|Mission type||Weather satellite|
|Harvard designation||1962 αψ1|
|Mission duration||1 year and 1 month|
|Manufacturer||RCA Astro / GSFC|
|Launch mass||127.5 kilograms (281 lb)|
|Start of mission|
|Launch date||September 18, 1962, 08:52UTC|
|Launch site||Cape Canaveral LC-17A|
|End of mission|
|Last contact||October 21, 1963|
|Perigee altitude||686 kilometers (426 mi)|
|Apogee altitude||712 kilometers (442 mi)|
|Epoch||September 18, 1962|
|Television Camera System|
TIROS 6 was launched on September 18, 1962, by a Thor-Delta rocket from Cape Canaveral Air Force Station, Florida, United States. The spacecraft functioned nominally until October 21, 1962. The satellite orbited the Earth once every 1 hour and 38 minutes, at an inclination of 58.3°. Its perigee was 686 kilometers (426 mi) and apogee was 712 kilometers (442 mi).
TIROS 6 was designed to further demonstrate the capability of a spacecraft to observe, record, and transmit TV cloud cover pictures for use in operational weather analysis and forecasting. The spin-stabilized satellite was in the form of an 18-sided right prism, 107 cm across opposite corners and 56 cm high, with a reinforced baseplate carrying most of the subsystems and a cover assembly. Electric energy was supplied to the spacecraft by approximately 9000 1-by 2-cm silicon solar cells mounted on the cover assembly and by 21 nickel-cadmium batteries.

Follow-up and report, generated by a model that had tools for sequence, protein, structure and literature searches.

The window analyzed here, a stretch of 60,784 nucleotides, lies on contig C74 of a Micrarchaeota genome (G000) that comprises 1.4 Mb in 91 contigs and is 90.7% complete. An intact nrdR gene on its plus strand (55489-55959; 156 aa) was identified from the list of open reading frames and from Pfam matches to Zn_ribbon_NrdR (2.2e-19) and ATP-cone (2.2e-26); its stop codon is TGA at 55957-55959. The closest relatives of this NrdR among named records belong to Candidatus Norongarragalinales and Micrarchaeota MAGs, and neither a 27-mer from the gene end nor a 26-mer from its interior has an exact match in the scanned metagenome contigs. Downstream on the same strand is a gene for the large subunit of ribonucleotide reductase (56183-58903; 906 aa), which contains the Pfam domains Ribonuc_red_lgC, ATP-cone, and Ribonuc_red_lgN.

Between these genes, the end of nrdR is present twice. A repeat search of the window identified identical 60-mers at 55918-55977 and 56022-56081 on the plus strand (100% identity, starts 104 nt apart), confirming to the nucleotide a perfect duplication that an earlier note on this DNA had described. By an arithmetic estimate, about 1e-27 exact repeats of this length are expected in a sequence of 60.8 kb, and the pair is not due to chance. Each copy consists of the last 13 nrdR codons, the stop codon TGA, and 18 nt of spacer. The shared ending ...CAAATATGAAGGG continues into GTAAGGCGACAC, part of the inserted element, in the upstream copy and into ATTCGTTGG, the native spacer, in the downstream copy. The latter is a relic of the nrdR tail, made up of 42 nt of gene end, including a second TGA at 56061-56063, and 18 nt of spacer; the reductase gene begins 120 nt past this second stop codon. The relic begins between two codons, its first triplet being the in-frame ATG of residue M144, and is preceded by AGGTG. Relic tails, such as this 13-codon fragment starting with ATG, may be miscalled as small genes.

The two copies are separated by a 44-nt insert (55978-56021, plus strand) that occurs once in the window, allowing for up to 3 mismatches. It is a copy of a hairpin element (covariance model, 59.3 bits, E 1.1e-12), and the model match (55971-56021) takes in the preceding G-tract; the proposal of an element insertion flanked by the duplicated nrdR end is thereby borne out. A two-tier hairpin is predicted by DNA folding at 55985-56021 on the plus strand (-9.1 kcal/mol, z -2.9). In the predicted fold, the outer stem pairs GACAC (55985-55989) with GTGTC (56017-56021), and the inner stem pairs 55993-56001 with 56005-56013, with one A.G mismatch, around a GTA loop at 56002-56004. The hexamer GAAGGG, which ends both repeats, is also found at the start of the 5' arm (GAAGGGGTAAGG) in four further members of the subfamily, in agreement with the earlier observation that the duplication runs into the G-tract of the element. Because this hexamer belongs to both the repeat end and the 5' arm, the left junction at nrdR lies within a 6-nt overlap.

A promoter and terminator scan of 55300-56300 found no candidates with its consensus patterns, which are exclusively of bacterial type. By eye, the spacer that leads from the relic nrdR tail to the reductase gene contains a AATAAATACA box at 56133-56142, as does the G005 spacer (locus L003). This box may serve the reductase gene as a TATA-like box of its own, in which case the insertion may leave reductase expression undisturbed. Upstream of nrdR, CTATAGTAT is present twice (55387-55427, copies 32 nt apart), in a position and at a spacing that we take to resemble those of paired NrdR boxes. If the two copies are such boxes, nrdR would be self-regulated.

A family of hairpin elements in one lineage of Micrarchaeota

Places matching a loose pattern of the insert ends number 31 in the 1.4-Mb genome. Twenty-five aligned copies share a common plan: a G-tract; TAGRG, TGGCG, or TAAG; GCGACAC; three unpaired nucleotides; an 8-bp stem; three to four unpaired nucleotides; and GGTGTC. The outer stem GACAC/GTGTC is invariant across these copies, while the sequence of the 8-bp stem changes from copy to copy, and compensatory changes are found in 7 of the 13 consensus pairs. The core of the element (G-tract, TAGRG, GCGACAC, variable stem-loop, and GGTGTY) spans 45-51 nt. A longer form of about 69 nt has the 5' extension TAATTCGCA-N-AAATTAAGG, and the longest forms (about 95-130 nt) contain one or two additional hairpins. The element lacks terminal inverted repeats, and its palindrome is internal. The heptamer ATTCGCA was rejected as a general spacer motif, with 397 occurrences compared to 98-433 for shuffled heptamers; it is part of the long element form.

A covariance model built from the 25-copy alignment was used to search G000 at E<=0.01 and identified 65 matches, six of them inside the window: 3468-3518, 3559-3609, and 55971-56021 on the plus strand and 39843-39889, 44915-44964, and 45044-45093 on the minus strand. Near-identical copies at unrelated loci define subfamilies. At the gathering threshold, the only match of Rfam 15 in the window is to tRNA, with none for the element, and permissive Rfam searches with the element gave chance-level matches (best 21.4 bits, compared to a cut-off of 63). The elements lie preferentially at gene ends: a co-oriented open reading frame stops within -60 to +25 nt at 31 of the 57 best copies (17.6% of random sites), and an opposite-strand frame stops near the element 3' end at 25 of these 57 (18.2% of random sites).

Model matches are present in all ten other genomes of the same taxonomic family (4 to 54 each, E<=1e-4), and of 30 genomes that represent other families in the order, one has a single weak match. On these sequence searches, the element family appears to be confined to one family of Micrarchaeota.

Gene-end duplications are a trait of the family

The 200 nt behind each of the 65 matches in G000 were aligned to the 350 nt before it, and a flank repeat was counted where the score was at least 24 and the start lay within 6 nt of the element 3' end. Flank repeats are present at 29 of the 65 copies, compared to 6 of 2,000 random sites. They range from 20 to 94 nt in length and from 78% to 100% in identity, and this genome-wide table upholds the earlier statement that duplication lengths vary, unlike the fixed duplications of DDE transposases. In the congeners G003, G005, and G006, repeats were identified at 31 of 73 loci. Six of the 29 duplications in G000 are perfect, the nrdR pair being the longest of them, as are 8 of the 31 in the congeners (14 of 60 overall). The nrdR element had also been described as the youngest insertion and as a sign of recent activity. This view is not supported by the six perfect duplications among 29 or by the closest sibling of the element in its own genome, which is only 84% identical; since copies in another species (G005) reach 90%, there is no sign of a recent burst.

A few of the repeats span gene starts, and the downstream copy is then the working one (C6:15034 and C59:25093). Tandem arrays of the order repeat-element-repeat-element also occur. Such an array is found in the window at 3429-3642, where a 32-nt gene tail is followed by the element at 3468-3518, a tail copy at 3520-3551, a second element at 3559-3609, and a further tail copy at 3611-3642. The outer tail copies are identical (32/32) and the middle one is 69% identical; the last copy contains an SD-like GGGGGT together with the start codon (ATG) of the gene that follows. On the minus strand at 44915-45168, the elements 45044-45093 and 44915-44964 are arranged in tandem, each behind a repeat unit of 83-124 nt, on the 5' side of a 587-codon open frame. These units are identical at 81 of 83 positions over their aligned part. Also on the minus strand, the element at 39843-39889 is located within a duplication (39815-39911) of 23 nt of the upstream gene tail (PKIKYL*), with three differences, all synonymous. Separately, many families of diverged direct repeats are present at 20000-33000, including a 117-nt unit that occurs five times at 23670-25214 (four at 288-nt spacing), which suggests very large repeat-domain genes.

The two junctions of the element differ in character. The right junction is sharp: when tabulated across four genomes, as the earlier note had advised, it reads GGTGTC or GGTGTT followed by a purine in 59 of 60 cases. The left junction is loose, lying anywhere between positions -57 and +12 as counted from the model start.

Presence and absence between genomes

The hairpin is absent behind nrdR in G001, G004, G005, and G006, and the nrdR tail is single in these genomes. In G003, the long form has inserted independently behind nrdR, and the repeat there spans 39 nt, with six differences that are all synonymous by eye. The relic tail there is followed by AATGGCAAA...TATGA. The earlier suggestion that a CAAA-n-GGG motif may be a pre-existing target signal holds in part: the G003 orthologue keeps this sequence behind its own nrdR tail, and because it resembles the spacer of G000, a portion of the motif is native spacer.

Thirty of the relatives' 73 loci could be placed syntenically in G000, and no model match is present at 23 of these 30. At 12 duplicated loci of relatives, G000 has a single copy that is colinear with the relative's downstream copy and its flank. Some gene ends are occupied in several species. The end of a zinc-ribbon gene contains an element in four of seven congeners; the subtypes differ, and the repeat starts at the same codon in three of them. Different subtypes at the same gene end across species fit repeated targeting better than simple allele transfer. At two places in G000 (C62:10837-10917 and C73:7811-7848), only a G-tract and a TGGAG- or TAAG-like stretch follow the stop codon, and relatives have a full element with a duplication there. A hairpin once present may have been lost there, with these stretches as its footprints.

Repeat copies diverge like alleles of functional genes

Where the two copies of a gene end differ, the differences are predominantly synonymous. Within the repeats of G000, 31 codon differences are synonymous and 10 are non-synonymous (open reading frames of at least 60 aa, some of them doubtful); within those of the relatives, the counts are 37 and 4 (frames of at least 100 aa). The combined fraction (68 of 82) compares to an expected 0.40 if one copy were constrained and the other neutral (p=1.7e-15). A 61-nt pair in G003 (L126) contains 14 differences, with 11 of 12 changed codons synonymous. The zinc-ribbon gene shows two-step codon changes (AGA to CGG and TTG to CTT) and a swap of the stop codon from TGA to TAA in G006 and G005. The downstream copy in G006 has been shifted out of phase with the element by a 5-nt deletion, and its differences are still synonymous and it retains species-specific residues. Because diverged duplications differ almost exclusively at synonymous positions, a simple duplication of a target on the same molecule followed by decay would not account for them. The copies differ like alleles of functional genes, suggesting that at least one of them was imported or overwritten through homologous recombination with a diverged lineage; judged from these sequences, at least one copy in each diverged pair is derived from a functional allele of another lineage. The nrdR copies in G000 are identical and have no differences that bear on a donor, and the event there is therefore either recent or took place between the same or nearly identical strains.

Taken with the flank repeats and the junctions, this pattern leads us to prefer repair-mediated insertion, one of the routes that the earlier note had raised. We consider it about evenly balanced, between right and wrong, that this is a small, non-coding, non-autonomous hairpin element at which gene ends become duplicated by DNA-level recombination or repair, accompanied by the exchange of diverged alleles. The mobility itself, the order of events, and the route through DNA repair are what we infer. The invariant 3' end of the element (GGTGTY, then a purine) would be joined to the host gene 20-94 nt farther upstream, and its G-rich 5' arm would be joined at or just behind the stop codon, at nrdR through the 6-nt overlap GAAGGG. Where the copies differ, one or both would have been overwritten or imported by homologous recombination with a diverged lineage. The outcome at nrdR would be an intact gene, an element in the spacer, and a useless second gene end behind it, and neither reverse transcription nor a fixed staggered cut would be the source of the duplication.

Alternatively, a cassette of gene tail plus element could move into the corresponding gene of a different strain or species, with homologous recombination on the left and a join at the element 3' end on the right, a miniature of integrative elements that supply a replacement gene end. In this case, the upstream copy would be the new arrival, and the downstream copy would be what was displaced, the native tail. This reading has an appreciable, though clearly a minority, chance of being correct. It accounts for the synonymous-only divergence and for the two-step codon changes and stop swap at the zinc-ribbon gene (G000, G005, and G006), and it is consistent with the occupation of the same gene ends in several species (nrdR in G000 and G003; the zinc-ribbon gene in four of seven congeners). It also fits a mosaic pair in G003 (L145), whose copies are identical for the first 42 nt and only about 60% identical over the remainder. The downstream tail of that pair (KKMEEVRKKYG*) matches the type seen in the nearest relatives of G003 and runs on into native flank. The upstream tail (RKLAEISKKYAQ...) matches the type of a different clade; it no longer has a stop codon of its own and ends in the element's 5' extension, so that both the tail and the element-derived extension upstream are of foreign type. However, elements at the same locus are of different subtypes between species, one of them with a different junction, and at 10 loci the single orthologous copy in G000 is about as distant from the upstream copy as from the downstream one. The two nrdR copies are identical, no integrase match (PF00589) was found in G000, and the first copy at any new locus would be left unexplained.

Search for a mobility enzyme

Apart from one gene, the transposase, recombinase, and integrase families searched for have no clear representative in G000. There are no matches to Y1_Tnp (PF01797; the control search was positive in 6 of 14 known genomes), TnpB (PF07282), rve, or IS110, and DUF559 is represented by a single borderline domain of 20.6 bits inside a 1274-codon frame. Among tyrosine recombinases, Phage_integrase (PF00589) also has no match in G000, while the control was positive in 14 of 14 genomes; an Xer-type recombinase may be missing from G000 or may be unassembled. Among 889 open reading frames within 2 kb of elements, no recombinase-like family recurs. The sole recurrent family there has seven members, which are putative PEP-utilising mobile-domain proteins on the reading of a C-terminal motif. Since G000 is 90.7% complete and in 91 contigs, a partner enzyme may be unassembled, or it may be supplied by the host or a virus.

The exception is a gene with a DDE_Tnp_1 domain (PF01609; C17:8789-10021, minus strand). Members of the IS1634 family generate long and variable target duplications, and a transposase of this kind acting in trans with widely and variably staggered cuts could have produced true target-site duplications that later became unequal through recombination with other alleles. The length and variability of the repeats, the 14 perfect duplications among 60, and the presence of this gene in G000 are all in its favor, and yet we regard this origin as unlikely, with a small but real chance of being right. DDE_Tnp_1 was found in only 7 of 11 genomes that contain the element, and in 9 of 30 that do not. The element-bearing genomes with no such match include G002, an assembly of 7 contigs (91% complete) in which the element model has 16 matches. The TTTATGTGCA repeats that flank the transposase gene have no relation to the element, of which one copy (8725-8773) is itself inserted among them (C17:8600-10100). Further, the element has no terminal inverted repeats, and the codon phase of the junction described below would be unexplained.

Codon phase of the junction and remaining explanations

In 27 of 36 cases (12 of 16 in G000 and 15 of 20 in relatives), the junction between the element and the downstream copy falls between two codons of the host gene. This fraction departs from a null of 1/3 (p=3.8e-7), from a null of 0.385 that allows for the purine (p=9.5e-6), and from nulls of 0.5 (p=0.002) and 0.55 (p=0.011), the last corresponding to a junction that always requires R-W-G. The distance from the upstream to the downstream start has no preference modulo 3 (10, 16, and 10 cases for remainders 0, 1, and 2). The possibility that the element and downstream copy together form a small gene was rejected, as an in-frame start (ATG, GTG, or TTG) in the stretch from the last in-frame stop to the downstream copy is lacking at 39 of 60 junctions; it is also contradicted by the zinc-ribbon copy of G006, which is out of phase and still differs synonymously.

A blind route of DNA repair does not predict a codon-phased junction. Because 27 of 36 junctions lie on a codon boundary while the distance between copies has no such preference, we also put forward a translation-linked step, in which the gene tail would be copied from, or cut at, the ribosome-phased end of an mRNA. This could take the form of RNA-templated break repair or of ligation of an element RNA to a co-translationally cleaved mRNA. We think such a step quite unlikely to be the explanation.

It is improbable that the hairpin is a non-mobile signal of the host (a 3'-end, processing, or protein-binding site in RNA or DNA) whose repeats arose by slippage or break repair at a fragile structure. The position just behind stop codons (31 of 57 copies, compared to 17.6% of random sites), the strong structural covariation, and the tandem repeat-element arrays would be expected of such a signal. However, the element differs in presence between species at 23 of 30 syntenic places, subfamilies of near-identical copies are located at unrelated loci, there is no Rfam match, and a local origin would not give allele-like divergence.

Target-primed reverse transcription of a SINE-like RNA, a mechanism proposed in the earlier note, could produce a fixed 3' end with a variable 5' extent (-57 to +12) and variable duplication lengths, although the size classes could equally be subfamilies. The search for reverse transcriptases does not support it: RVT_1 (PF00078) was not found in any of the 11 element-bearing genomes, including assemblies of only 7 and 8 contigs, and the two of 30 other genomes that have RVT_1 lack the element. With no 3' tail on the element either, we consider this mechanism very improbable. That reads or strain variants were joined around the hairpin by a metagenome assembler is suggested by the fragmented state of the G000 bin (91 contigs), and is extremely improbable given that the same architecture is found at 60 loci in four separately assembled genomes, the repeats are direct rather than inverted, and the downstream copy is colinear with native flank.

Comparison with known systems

A single monopole antenna for reception of ground commands extended from the top of the cover assembly. A pair of crossed-dipole telemetry antennas (235 MHz) projected down and diagonally out from the baseplate. The satellite spin rate was maintained between 8 and 12 rpm by the use of five diametrically opposed pairs of small solid-fuel thrusters mounted around the edge of the baseplate. Proper attitude was maintained to within a 1° to 2° accuracy by use of a magnetic control device consisting of 250 cores of wire wound around the outer surface of the spacecraft.
The interaction between the induced magnetic field in the spacecraft and the earth's magnetic field provided the necessary torque for attitude control. TIROS-5 was equipped with two 1.27-cm vidicon TV cameras, one medium angle and one wide angle, for taking earth cloudcover pictures. The pictures were transmitted directly to either of two ground receiving stations or were stored in a tape recorder on board for subsequent playback, depending on whether the satellite was within or beyond the communication range of the station.
TIROS-6 performed normally from launch until November 29, 1962, when the medium-angle camera vidicon failed. The wide-angle camera vidicon system failed on October 21, 1963, and the spacecraft was deactivated shortly thereafter.